I am smiling ear to ear today... my confidence in soldering just doubled as I was able to move the circuit from the breadboard to the perfboard, little by little, and get it working. For me, one of the keys I feel to my success so far was getting it working on the breadboard first... troubleshooting various issues - wrong resistors, bad transistor, etc - and testing every step of the way.
Last night I successfully moved over the top half of the circuit to the perfboard. As I mentioned in the last post, I soldered each component and then attempted to test my soldering when possible... I used the multimeter to make sure the resistance values were accurate (use the holes in the perf board, not the resistor leads). I also tested voltage across the capacitors to make sure those were soldered properly, too. I haven't yet found (or heard of) a method for testing the 2N2222 and PUTs once soldered, but maybe someone knows a way?
Today I went and purchased a few extra capacitors of various capacitance but was unable to find the 2.2 microfarad capacitors with both leads on one end (shaped like a barrel) - I could only find non-polarized 2.2s with one lead on each end... argh. So, I decided to substitute a 4.7 microfarad for C1 (just like I did for C3)... took a chance because I didn't know how it would alter the circuit, but I felt it was a reasonable risk given the close values. I got home, soldered in the missing capacitor, and tested the top half of the perfboard consisting of the noise maker - the first video below shows my results.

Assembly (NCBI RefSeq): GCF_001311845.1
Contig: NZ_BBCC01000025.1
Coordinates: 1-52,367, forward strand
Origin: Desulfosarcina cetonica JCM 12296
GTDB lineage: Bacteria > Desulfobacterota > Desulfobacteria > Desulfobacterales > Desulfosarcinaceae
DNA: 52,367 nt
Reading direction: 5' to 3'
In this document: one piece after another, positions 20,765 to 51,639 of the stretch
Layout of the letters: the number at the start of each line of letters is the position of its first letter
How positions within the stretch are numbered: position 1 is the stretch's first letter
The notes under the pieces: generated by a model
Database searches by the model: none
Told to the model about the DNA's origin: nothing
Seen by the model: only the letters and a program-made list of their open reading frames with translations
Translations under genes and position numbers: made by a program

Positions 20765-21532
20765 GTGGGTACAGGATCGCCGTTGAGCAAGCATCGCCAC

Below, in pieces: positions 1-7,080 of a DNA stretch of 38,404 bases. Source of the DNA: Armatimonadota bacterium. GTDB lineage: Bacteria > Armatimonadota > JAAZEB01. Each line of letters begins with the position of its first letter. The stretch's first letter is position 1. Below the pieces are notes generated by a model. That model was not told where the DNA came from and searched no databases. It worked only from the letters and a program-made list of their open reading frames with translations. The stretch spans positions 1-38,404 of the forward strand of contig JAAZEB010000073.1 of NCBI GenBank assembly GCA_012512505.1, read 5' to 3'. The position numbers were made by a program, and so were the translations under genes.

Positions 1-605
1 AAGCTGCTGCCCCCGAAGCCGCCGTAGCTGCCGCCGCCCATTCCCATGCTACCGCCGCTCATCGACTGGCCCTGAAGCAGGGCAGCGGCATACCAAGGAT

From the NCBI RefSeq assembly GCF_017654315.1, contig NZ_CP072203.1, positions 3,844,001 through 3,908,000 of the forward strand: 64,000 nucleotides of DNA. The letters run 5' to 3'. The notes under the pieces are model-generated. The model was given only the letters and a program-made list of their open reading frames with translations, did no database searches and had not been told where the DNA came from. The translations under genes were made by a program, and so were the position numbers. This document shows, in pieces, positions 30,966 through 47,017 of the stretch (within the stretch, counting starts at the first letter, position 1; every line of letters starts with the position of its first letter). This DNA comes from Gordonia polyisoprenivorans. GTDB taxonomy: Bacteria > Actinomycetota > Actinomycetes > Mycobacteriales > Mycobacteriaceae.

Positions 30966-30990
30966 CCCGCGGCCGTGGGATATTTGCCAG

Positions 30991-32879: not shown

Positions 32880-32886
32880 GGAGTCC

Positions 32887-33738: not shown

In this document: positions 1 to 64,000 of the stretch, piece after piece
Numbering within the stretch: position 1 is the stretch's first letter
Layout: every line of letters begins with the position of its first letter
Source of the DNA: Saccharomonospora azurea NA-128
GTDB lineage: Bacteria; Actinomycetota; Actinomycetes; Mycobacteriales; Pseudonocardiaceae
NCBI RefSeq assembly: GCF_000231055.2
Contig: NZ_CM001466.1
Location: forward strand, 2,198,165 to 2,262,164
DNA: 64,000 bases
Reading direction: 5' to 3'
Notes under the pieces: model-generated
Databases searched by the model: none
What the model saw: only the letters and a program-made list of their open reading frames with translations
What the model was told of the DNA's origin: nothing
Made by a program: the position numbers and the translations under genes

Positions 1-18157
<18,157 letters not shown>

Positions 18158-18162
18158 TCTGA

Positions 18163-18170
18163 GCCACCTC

Next, I started moving over the bottom portion of the circuit - the relay/power section. It had fewer components and was slightly easier to solder because not many of the components are sitting next to one another... the exception being the Diode and R1 and R2. (Note: The R1 and R2 on page 135 is NOT the same R1 and R2 in the circuit on page 91.)
Once again I was a little nervous soldering the 2N2222 because those little leads are so close to one another. And pushing my relay through the perfboard was tricky... the holes were just a little too small and my pushing it felt like I was going to snap the perfboard in half... it did finally go in, but it took a couple of minutes of very careful pushing and widening the holes with a large bore needle.
After the circuit was transplanted to the perfboard, I soldered various strands of wire in place - two green wires that will go to the magnetic switch(es), two black wires (twisted together) that go to the speaker, and a red and black wire (twisted) that will provide power.
My second video shows my testing of the circuit outside of the project box. I used gator clips to hold everything together and crossed my fingers...
All in all, I'm having a blast with this book. The heartbeat LED project (Experiment 14) was fun, but this one is really cementing what I've learned about the way resistors, capacitors, transistors, relays, and diodes are working together. Now I've got to get the project box prepared so I can mount the circuit board and close up the box.